Volvo has arrived at a five-door format for the V40 by trial and error. It previously thought the S40 four-door saloon was the answer. Later, it looked to the three-door-only C30. Now it seems to have adopted segment convention for a 4.4m family hatch, but only with the begrudging reluctance you’d expect of a company used to going its own way.
With an underbody made of hot-formed and boron alloy steel, the V40 is slightly larger than the Audi A3 Sportback and BMW 1 Series – although an overall height of less than 1.45m gives it a more sleek, sporting profile than, say, the Volkswagen Golf. The V40 range was expanded to include a more rugged model - the Cross Country - similar to the Golf Alltrack, Skoda Octavia Scout or the Infiniti QX30.
Like every other Volvo for decades, the V40 has a transversely mounted engine, providing more passenger space and better crash deformation than a longitudinal one. Four-cylinder turbo petrol and diesel units are offered, almost all with lightweight aluminium construction and all driving the front wheels only, except for the range-topping Cross Country model which comes with Volvo's all-wheel drive system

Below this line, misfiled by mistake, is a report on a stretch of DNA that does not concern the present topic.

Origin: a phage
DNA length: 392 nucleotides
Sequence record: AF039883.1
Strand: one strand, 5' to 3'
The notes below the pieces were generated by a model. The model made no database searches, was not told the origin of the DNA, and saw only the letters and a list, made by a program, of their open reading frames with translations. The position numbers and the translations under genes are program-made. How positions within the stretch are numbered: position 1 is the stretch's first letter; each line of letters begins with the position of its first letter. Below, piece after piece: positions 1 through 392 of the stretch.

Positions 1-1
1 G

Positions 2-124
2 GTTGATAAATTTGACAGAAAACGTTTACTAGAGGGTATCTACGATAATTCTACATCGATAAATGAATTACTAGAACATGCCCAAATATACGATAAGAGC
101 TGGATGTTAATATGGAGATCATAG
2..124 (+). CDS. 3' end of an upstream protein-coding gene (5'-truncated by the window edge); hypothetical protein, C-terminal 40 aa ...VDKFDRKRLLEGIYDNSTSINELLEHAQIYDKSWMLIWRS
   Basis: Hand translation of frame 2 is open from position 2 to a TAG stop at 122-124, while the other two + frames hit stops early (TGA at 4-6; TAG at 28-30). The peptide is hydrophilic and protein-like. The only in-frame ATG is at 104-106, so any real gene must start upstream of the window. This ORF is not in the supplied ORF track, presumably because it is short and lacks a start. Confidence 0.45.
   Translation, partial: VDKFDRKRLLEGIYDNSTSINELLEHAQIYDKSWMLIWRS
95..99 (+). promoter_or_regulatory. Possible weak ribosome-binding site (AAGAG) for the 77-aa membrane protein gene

A model expected to play a sizeable role in the V40’s UK sales mix is the is a mid-range 148bhp D3 turbodiesel. The cleanest engine in the V40 line-up - the 118bhp 2.0-litre D2 oil-burner - as well as a 188bhp D4. Buyers can also choose between a 120bhp, 148bhp and 242bhp 2.0-litre petrols, and while those wanting an automatic T2 and T3 models get a 1.5-litre petrol engines providing the same output as its bigger capacity rangemate.
Suspension is by MacPherson struts at the front and multi-links at the rear. A sports pack is optional, lowering the ride height by 10mm and increasing the spring and damper rates. Our car was so equipped.
But it’s the V40’s active safety systems that really set it apart from the class. It’s the first car in the world with an underbonnet pedestrian airbag, and it comes with Volvo’s City Safety low-speed crash avoidance system as standard. Spend £1850 on the Driver Support Pack and you’ll also get a car with a full-speed collision warning and crash avoidance system, as well as pedestrian detection, lane departure warning, blindspot monitoring, road sign information and driver alertness monitoring systems. Seven airbags also feature.
The 2016 facelift, chiefly revolved around numerous optional additions including eight new alloy wheel designs and five colour choices, while the V40 gets a redesigned front grille and Volvo's 'Thor' shaped day-running lights which made its debut on the XC90.